The special characteristic of an atomic bomb is nuclear radiation, something which conventional weapons never produce. The radiation inflicts severe injuries on the human body. The radiation from the atomic bomb dropped on Hiroshima affected those within two to three kilometers of the hypocenter, and especially those within 900 meters, who received life-threatening doses. Many of them died within a few days.
The tremendous fire that burned downtown caused intense firestorms and whirlwinds. Within 20 to 30 minutes, a heavy black rain began falling in areas to the northwest. This rain contained large amounts of radioactive soot and dust, thus contaminating areas far from the hypocenter. It is said that fish died in ponds and rivers, and people who drank well water suffered from diarrhea for about 3 months. After the explosion, high levels of residual radiation remained on the ground for an extended period. Many who did not directly experience the bomb were affected.
The Danger of Radiation
The radiation caused alterations in the blood, destroyed the bone marrow’s ability to produce blood and also seriously damaged the liver and other internal organs. Numerous people sustained fatal injuries as a result.
Within about 2 kilometers of the hypocenter, high-levels of residual radioactivity remained on the ground for about 2 weeks after the actual explosion. Therefore, some who came to the area soon afterwards developed symptoms of radiation sickness and died.
Hiroko (then 18) and her six-year old brother were on the first floor of their home, only 800 meters from ground zero, when the bomb’s blast wrecked the house. They managed to get outside the house. She had thirty-seven injuries, but her little brother was hardly hurt at all. Her brother remained healthy and active until August 21, when suddenly his temperature rose rapidly.
Most of his hair came out and sometime later, convulsed with vomiting, her little brother died. Not long afterward, the mother was combing Hiroko’s hair, and it too came out easily. At the time people often said that the loss of hair meant death was near. Hiroko resigned herself to the same fate as her brother. But Hiroko made a remarkable recovery. Gradually her hair grew back. Though she still suffered some atomic aftereffects, she was married in 1947.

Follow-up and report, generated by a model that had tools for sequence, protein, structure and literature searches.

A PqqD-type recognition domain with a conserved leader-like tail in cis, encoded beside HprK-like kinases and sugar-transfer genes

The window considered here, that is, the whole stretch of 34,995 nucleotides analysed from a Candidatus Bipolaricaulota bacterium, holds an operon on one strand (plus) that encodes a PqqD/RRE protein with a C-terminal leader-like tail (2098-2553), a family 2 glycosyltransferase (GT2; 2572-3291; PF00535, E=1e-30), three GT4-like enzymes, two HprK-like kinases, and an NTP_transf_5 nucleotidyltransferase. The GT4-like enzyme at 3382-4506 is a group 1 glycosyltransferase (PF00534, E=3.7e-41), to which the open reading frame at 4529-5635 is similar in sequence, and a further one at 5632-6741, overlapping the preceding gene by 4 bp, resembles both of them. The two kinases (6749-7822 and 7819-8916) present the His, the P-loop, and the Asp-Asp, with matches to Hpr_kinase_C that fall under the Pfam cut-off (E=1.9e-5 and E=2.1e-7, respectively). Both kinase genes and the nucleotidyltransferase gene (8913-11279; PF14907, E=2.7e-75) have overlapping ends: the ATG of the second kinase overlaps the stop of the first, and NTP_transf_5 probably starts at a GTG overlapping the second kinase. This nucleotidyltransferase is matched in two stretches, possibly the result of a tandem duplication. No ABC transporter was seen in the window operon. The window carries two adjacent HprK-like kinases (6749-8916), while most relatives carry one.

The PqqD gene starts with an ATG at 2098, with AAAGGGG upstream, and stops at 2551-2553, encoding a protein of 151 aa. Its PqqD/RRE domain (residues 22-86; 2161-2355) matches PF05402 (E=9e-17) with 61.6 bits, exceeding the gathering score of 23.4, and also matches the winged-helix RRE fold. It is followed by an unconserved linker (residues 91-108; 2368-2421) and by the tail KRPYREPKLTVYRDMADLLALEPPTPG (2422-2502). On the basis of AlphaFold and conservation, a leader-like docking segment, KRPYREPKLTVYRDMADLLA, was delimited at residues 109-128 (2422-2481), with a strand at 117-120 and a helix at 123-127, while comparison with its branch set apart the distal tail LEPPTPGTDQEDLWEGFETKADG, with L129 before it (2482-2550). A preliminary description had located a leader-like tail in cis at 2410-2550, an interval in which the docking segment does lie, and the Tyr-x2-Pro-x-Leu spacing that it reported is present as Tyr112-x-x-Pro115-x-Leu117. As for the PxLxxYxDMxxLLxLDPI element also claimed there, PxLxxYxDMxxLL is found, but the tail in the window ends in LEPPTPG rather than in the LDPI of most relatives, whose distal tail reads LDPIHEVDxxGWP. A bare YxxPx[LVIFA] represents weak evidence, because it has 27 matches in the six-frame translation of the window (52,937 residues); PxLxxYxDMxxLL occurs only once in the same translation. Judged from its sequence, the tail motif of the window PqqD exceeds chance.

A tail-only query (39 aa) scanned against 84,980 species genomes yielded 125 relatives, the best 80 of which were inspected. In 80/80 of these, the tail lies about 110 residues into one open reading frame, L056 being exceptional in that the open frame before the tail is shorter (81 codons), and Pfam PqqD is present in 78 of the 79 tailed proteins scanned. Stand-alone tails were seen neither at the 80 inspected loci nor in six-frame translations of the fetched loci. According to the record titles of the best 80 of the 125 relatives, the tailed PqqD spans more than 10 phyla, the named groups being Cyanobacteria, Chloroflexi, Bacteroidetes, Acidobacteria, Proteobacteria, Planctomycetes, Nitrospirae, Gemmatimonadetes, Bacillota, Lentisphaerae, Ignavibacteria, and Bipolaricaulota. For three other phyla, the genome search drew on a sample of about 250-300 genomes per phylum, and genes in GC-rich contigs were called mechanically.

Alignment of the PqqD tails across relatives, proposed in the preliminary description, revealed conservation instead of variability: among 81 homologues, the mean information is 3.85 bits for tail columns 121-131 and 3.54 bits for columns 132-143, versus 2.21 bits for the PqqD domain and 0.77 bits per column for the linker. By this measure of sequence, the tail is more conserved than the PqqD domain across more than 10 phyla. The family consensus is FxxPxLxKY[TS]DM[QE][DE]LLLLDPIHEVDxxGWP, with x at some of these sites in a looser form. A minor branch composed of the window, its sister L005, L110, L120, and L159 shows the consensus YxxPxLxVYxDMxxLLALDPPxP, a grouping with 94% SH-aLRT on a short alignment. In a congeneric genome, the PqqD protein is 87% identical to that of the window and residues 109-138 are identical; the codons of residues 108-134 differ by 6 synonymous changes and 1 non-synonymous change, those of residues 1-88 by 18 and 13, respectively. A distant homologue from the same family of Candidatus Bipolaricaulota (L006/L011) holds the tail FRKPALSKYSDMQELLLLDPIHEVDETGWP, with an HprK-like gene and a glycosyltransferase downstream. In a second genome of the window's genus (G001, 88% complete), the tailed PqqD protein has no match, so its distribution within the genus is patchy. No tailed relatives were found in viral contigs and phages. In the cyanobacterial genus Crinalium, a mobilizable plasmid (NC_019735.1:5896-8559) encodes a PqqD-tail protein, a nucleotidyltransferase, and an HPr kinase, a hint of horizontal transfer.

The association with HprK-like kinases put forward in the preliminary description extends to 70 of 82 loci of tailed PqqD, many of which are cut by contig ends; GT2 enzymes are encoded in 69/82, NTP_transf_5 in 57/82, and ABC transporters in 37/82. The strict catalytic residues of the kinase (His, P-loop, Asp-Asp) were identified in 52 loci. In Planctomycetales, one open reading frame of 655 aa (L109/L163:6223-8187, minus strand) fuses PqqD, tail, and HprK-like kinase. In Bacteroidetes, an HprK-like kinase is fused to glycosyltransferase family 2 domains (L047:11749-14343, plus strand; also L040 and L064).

She had to have several surgical operations. But she tries always to live courageously, saying, “I must do my best to make up for my brother’s short life.”
From around 9 a.m. black rain covered a wide area from the hypocenter to the north-west. It rained heavily for one hour or more in some areas. Since the rain contained a lot of black soot which was produced by the terrific sea of fire, it was called “black rain”, oily and sticky. Furthermore, it contained radioactive elements produced by the fission of uranium. Exposed to the rain, many people developed symptoms of the atomic bomb diseases and died.
Suffering from the aftereffect
Radiation caused serious effects on human bodies not only just after the bombing, but for a long period of time since then. The long-term suffering is known as a characteristic of the aftereffect of an atomic bomb. It is not thoroughly clear, over 50 after the bombing , what long-term effects radiation taken into human bodies brings about as the time passes on. Leukemia, cancer or various diseases have developed two or three years or even ten years after the explosion. Their health has been damaged even now.
Keloids of a Girl’s Arm
The heat rays of the atomic bomb struck the human body and produced burns. At the same time, radioactivity injured the inner tissues of the skin and formed keloids on the surface of the skin. After seeming to heal, the scars left by the burns swelled up. This type of swelling is called a keloid. Most keloids developed in 1946 and 1947, and most commonly in teenagers. At present, most keloids have flattened out but are still recognizable as scars.
In-utero Exposure (microcephaly)
The A-bomb had serious effects on fetuses. Many were stillborn, and exposed fetuses born alive had higher infant mortality rates than other children.
In-utero survivors also suffered an increased incidence of microcephaly, a syndrome characterized by an abnormally small skull, accompanied in severe cases by mental retardation.
Patient with microcephaly and patient’s mother (now deceased) (1986) / Courtesy of Takaharu Narita
Relief and Rescue Activities
The disaster caused by the atomic bomb struck the whole city in an instant. All public offices including the prefectural office, the city office, police stations, and others were inactivated. In the day following the bombing, a defense headquarters was established, with elements of the Akatsuki Corps, which were attached to the Army Shipping Unit in Hiroshima and which had suffered relatively light damage, taking the lead, Relief operations were carried out by military personnel, government officials and citizens working together as one.
Dr. Marcel Junod
A Swiss doctor, the late Dr. Marcel Junod came to Hiroshima on September 8, 1945 when the A-bomb tragedy still filled the city. Dr. Junod, as Chief Representative to Japan of the international Red Cross Committee came with the Allied Forces investigating team bringing 15 tons of medicine which were provided by the General Headquarters of the Occupation forces. He remained in Hiroshima even after the team withdrew and made his best efforts to help the A-bomb survivors. While occupied in surveying the actual extent of the appalling catastrophe, he himself treated many citizens who had fallen victim to the A-bomb. The medicines brought to the city through his endeavors were distributed to each aid station, saving thousands of A-bomb survivors.
To honor his work and love for humanity, the monument was erected at the southern entrance of the Peace Memorial Park. On the back of the monument, the words of Dr. Junod are carved as follows: “Innumerable cries are asking for you help